In a proof-of-concept collaboration with a group led by Jie Qiao from Peking University Third Hospital and including Fuchou Tang from Peking University's Biodynamic Optical Imaging Center, Xie tested the technique on six female donors that had already had children, showing that the technique could correctly infer embryo aneuploidy by sequencing the two polar bodies to 0.1-fold depth.
Now, Qiao, whose group at Third Hospital sees 10,000 IVF patients per year, is planning a clinical trial of the technique. Qiao will initially enroll 30 patients in the trial, testing both the polar bodies and one blastomere cell from each patient. If the results are good, the trial will expand to an additional 100 patients, followed by another 1,000 patients.
The sequencing technique will be compared to morphology-based testing. The hospital also has data from SNP arrays and array CGH, which it has tested in the genetic screening of embryos, and success rates from the MALBAC-based test can also be compared to those, Xie said.
Xie declined to disclose what sequencing platform would be used in the clinical trial.
Single-Gene Disorders and Mitochondrial DNA
Such single-cell tests could also be tweaked to look for carrier status of certain genes — another advantage they have over microarrays, Wells said. While the depth of sequencing is too low to detect point mutations, an additional PCR enrichment could be done to "spike in" a gene of interest, he said.
For example, said Wells, if both individuals of a couple are carriers for cystic fibrosis, they will want to ensure that the implanted embryo does not have cystic fibrosis. In this case, following whole-genome amplification, an additional PCR enrichment can be done targeting the CF gene, so that the gene will have increased coverage compared to the rest of the genome, and disease-causing mutations can be identified.
Mitochondrial disorders can also be identified, Wells said, because blastomeres contain many copies of the mitochondrial genome. Testing a cell from a cell line with a known mitochondrial disorder, Wells' team showed the method could detect the disease-causing mutation. The researchers were also able to quantify the proportion of mitochondrial DNA that was affected by the mutation.
Additionally, Wells said that when the team compared the quantity of mitochondrial DNA among various normal cells and cells with chromosomal aneuploidy, they found that cells with chromosomal aneuploidy also had more mitochondria.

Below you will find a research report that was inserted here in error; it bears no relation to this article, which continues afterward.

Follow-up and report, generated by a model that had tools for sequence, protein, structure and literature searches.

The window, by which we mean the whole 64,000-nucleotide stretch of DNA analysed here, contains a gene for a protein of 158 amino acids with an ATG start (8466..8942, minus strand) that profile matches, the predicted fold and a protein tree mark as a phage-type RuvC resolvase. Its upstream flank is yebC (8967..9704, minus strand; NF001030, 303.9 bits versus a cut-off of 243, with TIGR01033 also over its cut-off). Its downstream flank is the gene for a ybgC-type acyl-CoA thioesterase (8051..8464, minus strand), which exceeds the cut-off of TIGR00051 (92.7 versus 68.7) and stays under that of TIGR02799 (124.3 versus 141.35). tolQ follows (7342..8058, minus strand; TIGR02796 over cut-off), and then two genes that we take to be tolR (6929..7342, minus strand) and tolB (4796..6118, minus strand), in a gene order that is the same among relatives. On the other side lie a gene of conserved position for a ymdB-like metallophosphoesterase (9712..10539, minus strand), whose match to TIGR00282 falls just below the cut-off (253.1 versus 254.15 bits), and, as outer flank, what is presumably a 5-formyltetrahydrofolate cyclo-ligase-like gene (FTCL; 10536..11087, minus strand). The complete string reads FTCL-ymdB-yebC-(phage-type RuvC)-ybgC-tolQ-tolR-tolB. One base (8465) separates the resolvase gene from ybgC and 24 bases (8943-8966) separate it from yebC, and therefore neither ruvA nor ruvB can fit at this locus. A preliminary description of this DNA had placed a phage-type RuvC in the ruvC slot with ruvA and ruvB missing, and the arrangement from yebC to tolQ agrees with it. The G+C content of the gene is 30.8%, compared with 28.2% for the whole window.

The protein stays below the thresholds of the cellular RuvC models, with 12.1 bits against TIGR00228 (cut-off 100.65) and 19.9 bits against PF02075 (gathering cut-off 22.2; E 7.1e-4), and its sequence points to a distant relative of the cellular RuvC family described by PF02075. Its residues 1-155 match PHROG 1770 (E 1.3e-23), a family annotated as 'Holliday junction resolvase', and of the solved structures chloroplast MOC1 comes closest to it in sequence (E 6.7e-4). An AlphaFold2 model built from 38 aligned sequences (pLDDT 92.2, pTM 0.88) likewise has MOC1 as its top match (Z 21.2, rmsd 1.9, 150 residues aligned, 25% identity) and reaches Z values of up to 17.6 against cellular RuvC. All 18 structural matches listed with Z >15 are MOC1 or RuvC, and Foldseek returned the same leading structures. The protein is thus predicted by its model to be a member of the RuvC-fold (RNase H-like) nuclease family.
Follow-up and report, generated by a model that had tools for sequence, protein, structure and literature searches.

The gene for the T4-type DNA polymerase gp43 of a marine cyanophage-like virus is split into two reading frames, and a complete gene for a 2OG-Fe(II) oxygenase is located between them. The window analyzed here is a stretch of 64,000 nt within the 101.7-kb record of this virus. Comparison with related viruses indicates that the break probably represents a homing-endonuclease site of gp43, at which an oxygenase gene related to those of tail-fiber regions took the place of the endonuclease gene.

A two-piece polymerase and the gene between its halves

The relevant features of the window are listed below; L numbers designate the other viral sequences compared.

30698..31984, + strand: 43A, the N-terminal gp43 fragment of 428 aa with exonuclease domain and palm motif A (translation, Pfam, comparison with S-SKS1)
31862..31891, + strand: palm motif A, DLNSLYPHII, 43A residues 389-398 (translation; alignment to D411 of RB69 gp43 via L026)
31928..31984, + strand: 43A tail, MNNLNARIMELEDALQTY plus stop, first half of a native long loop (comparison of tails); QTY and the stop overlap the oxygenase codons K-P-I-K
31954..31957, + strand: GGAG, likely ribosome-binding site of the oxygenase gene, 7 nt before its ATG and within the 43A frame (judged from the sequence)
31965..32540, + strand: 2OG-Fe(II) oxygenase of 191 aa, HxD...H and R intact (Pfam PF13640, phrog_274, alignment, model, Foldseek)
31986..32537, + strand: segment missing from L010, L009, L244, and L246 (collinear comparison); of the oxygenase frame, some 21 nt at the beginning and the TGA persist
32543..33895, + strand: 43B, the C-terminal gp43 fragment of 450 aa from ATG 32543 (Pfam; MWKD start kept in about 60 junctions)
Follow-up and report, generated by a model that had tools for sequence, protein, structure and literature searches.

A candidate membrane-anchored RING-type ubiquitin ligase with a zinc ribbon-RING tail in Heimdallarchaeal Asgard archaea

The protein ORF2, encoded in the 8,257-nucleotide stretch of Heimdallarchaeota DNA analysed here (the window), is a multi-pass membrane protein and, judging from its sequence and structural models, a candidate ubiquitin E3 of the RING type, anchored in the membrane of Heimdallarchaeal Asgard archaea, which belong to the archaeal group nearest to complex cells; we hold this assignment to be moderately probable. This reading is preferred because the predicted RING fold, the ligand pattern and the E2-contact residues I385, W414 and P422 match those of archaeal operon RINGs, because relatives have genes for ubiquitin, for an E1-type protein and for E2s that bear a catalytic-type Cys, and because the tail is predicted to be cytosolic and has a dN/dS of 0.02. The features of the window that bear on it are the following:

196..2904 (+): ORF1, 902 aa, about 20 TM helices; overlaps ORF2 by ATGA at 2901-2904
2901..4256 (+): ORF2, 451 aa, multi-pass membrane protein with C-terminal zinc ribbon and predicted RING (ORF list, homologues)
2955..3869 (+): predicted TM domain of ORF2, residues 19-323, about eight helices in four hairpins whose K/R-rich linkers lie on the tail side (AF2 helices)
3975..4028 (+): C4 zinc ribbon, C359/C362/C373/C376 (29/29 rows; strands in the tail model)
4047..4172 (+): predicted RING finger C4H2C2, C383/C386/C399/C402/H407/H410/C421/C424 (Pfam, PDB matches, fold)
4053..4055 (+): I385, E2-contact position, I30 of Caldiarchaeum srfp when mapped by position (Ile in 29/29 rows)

While more research needs to be done in determining whether and how chromosomal aneuploidy and mitochondria quantity are related, Wells said that evaluating the mitochondrial genome could provide another layer of screening that could improve IVF success.
While array-based studies have found that screening embryos for chromosomal aneuploidies could improve IVF success rates to as much as 80 percent, there is still a significant failure rate and "one challenge is to find out what explains that other percentage," Wells said.
"One of the prime candidates is the mitochondrial genome, and this is data that we get when we [sequence] the embryo," Wells said.
The additional mitochondrial information "could help decide between two chromosomally normal embryos," Wells said.
The mitochondrial DNA testing and disease gene testing are still in the research phase, Wells said. In the meantime, he said, as the team gears up for the clinical trial of its aneuploidy test, it is working to further optimize it, including reducing the number of steps involved and decreasing turnaround time.
Aside from showing clinical utility, Wells said that an economic analysis would also have to be done before the test is likely to be adopted. "It will come down to an issue of health economics. How much is it worth to the patients, the health care system, the insurers?" he said.
"Given the advantages we've seen and the clear benefits to patients not having to undergo multiple IVF cycles, or miscarriages, or termination of wanted pregnancies [due to serious abnormalities], … all of those things add up to a huge value not only to the patient, but the healthcare system and insurance provider. It could potentially represent huge savings."